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Rodeo Rooters

Pull Up a Bale and Chow Down

In the 1950s to 1980s, most downtown businesses let employees dress in Western wear for the street breakfast and rodeo.

In the 1950s to 1980s, most downtown businesses let employees dress in Western wear for the street breakfast and rodeo.

 When Joe Reich Sr. served breakfast to a bunch of friends from a chuckwagon at his Swiss Chalet restaurant back in 1936, he had no idea he was starting a tradition that would live into the 21st Century.

It was such a good idea to gather rodeo supporters in advance of the annual Pikes Peak or Bust Rodeo that, after World War II, the Cowhands & Cowbelles (forerunners of the Pikes Peak or Bust Rodeo Association) opened it to the public. Hundreds of folks converged on downtown Colorado Springs, sitting on park benches, curbs and the running boards of their cars with a plate full of pancakes to watch the sun rise.

The annual Colorado Springs Street Breakfast eventually grew into one of the city’s top summer events, drawing 10,000 people to chow down on pancakes, scrambled eggs, juice and coffee rustled up by a cadre of cooks from Fort Carson.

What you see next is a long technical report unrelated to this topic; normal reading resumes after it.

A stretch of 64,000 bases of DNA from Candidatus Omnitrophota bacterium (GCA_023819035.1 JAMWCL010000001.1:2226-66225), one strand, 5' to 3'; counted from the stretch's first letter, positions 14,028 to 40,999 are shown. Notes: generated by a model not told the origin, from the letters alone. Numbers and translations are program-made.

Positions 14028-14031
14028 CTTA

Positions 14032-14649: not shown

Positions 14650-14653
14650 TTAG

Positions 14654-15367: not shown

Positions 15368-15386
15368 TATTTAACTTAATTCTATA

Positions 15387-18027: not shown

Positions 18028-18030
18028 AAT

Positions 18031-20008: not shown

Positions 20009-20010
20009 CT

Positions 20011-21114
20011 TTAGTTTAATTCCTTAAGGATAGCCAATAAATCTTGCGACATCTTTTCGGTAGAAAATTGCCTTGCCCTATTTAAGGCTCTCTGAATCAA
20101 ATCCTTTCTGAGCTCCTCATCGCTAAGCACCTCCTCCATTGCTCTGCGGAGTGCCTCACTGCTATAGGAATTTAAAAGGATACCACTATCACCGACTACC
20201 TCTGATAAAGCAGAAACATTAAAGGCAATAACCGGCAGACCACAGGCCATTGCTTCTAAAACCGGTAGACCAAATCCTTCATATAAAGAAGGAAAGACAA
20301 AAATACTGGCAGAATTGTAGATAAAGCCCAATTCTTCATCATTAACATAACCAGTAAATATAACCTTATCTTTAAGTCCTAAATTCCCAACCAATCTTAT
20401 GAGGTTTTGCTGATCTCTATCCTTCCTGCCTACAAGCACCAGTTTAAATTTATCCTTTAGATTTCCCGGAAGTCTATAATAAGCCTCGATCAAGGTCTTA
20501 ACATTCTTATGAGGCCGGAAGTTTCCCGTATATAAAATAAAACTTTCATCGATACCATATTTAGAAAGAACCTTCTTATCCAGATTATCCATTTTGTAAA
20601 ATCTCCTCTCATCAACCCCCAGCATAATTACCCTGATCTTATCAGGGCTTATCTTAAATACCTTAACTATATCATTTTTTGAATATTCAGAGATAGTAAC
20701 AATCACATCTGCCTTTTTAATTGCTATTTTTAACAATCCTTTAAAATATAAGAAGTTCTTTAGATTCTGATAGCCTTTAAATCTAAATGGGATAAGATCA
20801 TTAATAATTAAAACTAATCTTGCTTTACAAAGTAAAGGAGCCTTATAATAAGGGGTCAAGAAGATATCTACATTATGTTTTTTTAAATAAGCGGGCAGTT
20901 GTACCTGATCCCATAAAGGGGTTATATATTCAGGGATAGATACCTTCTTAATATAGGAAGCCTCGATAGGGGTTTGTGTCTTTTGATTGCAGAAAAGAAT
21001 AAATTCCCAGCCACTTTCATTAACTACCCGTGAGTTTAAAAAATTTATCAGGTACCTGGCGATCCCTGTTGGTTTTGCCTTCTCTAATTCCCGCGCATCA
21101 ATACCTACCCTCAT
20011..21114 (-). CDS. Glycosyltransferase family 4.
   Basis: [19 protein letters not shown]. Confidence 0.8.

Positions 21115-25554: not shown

All the city’s top businessmen got into the act. Most local businesses let their employees wear Western boots, hats and clothes for the day. By the late 1970s, it was thought to be the largest street breakfast anywhere in the United States.

This year, the event happens from 5:30 to 9 a.m. on June 18. The event, still intended to promote the annual rodeo and support local military charities, is also the kick-off for the annual Range Riders horseback trek around Pikes Peak (also to promote the rodeo). Each year, a goodly number of the Range Riders’ 150-160 members saddle up for a five-day camp-out.

Ron Brown, the current Range Riders president, will take his 36th ride
this year.

In the old days, he says, folks gathered downtown from all parts of the city to celebrate the spirit of the West.

“I think the city has gotten so large that a lot of people never come downtown anymore,” Brown says. But it’s such a fun event, with such a great tradition, he’d like to see newcomers embrace it.

This year, to attract new participants, the newly renamed Colorado Springs Western Street Breakfast will have a country-western band, Wild West gunslingers doing mock gunfights, a trick roper circulating among the crowd, plus face-painting and games for the kids.

Cost is $5 per person (all ages) and parking is free at city meters until 8 a.m.

For more on this event, visit www.visitcos.com/pikes-peak-or-bust-rodeo.